The Office of the United States Trade Representative states this is the sixth time in which the US and Mexico have come together to institute a formal course of remediation under the Facility-Specific Rapid Response Labor Mechanism (RRM) of the United States-Mexico-Canada Agreement (USMCA).

It says the plan is designed to tackle what it claims is “existing Mexican labour law violations” at the Aguascalientes facility, which is a sewing operation and part of a larger production chain for the manufacture of denim jeans. Plus, it wants to ensure there are no further occurrences in future.

The plan follows a formal request presented by the US to Mexico on 12 June 2022, prompting Mexico to evaluate potential infringements on freedom of association and collective bargaining rights among INISA employees. Subsequently, Mexico identified that workers within the garment facility were indeed facing denials of their rights.

INISA had not responded to Just Style’s request for comment at the time of going to press.

Ambassador Katherine Tai expressed the significance of the remediation plan, stating: “We will closely monitor this remediation plan to ensure workers at the INISA facility can freely exercise their freedom of association and collective bargaining rights.

“Today’s announcement reflects how continued collaboration between the United States and Mexico leads to concrete and effective measures to address existing labour violations and prevent new ones.”

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The steps Mexico’s government will take as part of the remediation process

  1. Ensure INISA will publish and adhere to a public, written statement affirming its commitment to uphold freedom of association and collective bargaining rights, ensure neutrality regarding union choices, and refrain from interfering in union activities or influencing workers’ views on unions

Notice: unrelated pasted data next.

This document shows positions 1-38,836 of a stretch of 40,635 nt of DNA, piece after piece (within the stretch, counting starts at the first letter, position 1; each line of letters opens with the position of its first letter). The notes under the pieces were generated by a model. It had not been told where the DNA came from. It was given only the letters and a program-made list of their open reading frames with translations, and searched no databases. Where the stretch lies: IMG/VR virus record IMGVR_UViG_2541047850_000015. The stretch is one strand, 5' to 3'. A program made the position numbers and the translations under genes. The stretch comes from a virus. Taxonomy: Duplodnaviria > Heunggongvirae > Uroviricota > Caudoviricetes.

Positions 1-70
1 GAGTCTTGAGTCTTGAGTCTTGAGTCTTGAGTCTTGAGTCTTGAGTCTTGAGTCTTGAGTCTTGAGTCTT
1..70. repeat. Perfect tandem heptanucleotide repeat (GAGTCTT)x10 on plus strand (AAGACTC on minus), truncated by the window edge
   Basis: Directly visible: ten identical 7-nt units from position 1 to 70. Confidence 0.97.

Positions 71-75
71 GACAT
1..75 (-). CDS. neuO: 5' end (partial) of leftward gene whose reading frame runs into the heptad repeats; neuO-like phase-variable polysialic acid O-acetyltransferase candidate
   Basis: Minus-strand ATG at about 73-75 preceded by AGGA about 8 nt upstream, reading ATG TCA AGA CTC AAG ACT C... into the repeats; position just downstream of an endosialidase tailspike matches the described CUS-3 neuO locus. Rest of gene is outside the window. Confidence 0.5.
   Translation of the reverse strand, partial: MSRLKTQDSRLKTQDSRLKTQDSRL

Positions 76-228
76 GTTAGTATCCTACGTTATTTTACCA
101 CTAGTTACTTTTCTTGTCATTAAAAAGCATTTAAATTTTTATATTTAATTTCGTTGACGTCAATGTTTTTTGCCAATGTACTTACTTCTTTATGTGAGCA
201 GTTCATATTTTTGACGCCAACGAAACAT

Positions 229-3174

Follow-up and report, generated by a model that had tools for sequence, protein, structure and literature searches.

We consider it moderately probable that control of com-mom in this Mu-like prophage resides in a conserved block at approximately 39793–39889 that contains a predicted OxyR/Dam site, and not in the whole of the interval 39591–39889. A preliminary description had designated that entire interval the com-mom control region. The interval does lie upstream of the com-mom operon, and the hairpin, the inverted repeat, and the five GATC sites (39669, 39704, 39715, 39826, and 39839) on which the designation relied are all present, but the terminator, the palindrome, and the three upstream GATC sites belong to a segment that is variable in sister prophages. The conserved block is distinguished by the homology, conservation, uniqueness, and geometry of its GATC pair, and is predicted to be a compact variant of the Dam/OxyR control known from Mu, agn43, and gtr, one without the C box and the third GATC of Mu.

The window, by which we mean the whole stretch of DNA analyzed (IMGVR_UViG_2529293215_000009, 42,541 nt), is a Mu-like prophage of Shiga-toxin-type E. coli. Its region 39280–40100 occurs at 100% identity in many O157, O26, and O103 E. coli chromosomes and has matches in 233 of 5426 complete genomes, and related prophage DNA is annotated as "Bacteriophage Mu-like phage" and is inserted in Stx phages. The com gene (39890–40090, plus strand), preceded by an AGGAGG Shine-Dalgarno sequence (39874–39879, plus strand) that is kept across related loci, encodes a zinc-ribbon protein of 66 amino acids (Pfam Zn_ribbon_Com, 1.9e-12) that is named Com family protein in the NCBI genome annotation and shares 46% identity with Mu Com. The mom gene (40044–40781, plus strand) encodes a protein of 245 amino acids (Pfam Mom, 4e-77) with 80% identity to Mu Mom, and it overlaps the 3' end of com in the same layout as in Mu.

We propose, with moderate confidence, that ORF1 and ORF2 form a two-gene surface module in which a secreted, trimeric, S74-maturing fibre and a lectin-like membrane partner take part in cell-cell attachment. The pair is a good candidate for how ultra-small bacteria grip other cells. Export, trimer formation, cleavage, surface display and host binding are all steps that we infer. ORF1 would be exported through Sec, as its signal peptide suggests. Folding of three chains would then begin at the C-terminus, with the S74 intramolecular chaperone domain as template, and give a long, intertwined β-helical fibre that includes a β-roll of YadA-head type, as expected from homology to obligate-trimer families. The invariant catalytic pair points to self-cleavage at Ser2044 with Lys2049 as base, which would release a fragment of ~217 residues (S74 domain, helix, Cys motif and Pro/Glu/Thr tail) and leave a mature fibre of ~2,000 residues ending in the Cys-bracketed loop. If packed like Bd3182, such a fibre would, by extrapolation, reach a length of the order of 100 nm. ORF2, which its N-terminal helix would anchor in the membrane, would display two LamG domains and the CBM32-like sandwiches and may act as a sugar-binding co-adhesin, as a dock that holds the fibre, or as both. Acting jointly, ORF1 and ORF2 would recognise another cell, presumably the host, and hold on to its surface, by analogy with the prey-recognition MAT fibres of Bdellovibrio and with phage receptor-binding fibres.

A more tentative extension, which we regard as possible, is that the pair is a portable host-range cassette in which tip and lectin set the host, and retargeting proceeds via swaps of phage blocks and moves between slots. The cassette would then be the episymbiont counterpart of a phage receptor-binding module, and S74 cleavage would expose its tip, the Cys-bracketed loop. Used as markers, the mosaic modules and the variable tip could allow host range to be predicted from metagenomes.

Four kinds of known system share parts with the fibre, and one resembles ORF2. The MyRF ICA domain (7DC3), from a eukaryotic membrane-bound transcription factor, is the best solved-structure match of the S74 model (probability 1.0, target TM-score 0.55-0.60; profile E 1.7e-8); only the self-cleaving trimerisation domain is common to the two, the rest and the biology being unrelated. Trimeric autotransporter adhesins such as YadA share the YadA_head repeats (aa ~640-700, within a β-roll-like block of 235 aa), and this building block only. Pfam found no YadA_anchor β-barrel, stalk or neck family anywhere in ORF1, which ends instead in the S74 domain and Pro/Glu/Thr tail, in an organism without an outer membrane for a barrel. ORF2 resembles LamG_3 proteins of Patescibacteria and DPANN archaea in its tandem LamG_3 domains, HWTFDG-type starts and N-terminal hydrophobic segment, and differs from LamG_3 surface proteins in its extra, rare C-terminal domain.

2. Ensure INISA issues transparent guidelines that govern personnel behaviour at the facility, in line with the neutrality statement and rights provided to workers, union representatives, and advisers.
  3. Ensure INISA enforces a zero-tolerance policy for guideline and neutrality statement breaches
  4. Ensure all INISA personnel and union representatives receive training on company guidelines and neutrality statements
  5. A dedicated telephone line and email address to enable workers to anonymously report instances of intimidation, coercion, threats, non-neutrality, or interference in union activities
  6. In-person training on workers’ rights will be conducted during regular working hours, supported by informational materials on freedom of association and collective bargaining
  7. The Government of Mexico will initiate sanctions proceedings as per Mexican law against individuals, labour organisations, or companies found in violation of Mexican law.

Deputy Undersecretary for International Affairs Thea Lee praised the cooperation between the two nations, emphasising the importance of companies respecting representative unions and genuine collective bargaining. Lee adds: “We applaud the parties for reaching this agreement, and we again recognise the strong collaboration with the Government of Mexico in protecting workers’ rights.”

Dr Sheng Lu, associate professor in the Department of Fashion and Apparel Studies at the University Delaware tells Just Style exclusively: 

“Biden administration is known for its so-called ‘worker-centered trade policy.’ Instead of focusing on conventional market access negotiations such as tariff cuts, the Biden administration has been active in eradicating forced labor in global supply chains and promoting workers’ rights both in and outside the US.

“Notably, the Biden Administration has invoked the US-Mexico-Canada Agreement (USMCA) Rapid Response Labor Mechanism (RRM) seven times as of June 2023, although a formal course of remediations was reached in most cases.

“Likewise, we could also expect labour standards and human rights issues to play a more significant role in the Biden administration’s approach to renewing expiring programmes such as the African Growth and Opportunity Act (AGOA) and Haiti’s HOPE/HELP programme.”

The mutually accepted deadline for finalising the rectification process is set for 10 November 2023.

US Trade Representative Katherine Tai unveiled a fresh approach in August signalling that the US trade policy is no longer built on the “pursuit of efficiency and low cost” in supply chains.